Some might flinch at the notion of any ideal as unfathomable as the creation of a better world, and yet there’s nothing Pollyanna-ish about Hirshfield’s project. As Rosanna Warren puts it, Hirshfield’s “poems appear simple, and are not. Her language, in its cleanliness and transparency, poses riddles of a quietly metaphysical nature.”  Yet how to pull off a poetic practice visionary and optimistic over decades characterized by increasingly entrenched social, cultural, and political extremes of irony, skepticism, abstracted emotion, rampant materialism, technological cocooning and detachment, superficiality, and thoughtless, fundamentalist fear and isolationism?  What accounts for the golden hold and continually refreshed staying power of this remarkable poet?

It is arguable that the riddle, the existential joke of being, of meaning, of Dickinson’s “prank of the Heart at play on the Heart,” is as powerful a source as song for the lyric poem. Central to Hirshfield’s vision is a kind of holy delight that is at the heart of riddles and koans—not the momentary humor of punning or mere cleverness or showing-off, but rather the deep pleasure of discovery of the word in or behind or beyond the world, and vice versa. Northrop Frye writes, “The real answer to the question implied in a riddle is not a ‘thing’ outside it, but that which is both word and thing, and is both inside and outside the poem. This is the universal of which the poem is the manifestation, the order of words that tells us of battles and shipwrecks, of the intimate connection of beauty and terror, of cycles of life and death, of mutability and apocalypse.”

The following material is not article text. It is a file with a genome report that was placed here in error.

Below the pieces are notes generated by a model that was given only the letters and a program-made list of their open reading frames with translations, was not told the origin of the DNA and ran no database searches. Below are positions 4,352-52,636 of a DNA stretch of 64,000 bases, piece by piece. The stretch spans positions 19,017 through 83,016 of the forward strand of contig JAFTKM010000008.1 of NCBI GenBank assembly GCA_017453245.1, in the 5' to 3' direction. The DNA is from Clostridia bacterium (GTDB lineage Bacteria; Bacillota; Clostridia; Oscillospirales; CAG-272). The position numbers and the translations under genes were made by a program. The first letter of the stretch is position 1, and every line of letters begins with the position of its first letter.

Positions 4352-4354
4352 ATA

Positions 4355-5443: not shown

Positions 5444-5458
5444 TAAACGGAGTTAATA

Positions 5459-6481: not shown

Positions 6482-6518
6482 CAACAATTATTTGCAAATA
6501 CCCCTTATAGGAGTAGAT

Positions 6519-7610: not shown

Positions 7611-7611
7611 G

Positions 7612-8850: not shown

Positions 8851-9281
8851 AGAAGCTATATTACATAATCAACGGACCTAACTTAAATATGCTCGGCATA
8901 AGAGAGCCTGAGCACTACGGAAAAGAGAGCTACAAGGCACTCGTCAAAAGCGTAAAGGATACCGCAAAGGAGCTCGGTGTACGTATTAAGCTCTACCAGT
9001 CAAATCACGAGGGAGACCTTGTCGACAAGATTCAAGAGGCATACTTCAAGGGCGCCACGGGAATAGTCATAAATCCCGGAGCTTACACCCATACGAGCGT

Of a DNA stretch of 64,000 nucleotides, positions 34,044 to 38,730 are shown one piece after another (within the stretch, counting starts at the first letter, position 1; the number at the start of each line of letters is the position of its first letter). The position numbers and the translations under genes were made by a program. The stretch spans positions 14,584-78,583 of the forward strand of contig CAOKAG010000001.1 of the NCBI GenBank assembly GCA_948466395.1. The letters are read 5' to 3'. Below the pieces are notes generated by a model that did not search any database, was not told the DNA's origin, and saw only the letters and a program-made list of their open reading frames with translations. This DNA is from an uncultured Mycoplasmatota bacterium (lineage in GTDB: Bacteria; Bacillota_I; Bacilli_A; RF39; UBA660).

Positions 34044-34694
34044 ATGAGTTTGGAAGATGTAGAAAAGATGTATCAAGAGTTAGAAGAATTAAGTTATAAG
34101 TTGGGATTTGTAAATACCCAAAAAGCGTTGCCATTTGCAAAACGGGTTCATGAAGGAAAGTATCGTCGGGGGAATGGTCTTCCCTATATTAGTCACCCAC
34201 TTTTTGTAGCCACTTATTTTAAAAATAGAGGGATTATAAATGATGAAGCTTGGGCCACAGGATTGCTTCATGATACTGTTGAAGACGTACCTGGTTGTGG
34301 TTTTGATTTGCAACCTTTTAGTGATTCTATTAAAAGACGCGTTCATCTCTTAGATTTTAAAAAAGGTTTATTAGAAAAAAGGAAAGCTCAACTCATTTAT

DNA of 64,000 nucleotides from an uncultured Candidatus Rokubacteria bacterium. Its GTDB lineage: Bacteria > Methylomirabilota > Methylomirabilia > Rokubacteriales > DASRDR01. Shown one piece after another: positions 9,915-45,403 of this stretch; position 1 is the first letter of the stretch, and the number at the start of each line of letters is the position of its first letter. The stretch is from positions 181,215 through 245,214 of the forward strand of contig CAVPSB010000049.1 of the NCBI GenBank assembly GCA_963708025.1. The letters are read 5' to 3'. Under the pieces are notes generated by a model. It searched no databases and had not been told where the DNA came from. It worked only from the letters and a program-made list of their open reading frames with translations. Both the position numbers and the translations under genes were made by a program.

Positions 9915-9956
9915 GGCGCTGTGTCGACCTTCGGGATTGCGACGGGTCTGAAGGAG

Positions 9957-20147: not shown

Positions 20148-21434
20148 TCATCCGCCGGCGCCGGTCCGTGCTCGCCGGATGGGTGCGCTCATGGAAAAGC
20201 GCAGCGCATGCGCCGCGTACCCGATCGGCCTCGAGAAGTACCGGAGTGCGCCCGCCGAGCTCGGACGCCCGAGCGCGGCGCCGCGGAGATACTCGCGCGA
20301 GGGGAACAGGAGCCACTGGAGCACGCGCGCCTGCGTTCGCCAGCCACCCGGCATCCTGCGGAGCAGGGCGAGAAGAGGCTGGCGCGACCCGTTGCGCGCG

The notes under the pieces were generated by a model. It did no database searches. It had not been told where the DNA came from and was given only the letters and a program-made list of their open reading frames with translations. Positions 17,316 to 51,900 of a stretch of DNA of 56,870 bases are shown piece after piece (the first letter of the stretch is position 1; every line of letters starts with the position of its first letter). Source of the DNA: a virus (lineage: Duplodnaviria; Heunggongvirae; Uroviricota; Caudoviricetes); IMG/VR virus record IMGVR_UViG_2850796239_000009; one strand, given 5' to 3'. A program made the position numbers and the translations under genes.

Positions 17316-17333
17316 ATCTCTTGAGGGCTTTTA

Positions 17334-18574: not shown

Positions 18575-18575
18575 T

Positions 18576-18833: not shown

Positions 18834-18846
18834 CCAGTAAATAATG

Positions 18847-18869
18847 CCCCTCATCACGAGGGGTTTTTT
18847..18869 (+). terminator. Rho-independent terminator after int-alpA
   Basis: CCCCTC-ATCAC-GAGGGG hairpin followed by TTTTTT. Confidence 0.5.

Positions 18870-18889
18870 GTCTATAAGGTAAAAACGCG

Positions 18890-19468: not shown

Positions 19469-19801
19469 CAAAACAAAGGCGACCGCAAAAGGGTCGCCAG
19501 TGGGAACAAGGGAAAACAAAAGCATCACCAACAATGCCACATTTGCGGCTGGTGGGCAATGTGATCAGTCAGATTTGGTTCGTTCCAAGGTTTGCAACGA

“Bruises,” “The Promise,” and “Sometimes the Heart is a Shallow Autumn River,” all from Hirshfield’s brand new collection Come, Thief, operate, in their various ways, as visionary riddles about the aging body, the “autumn” of life, and what abides. Interestingly, the titles provide the “answers” from the start (Frye: “It is common to give the ‘solution’ of riddle poems in their titles, and in such poems we move from work to title. Here is what I have to say about something; guess what it is”), allowing Hirshfield room to move into her material in a manner also essential to her poetry: It is the getting there (the Way) and not the destination, the answer, that is the source of her joy and revelation.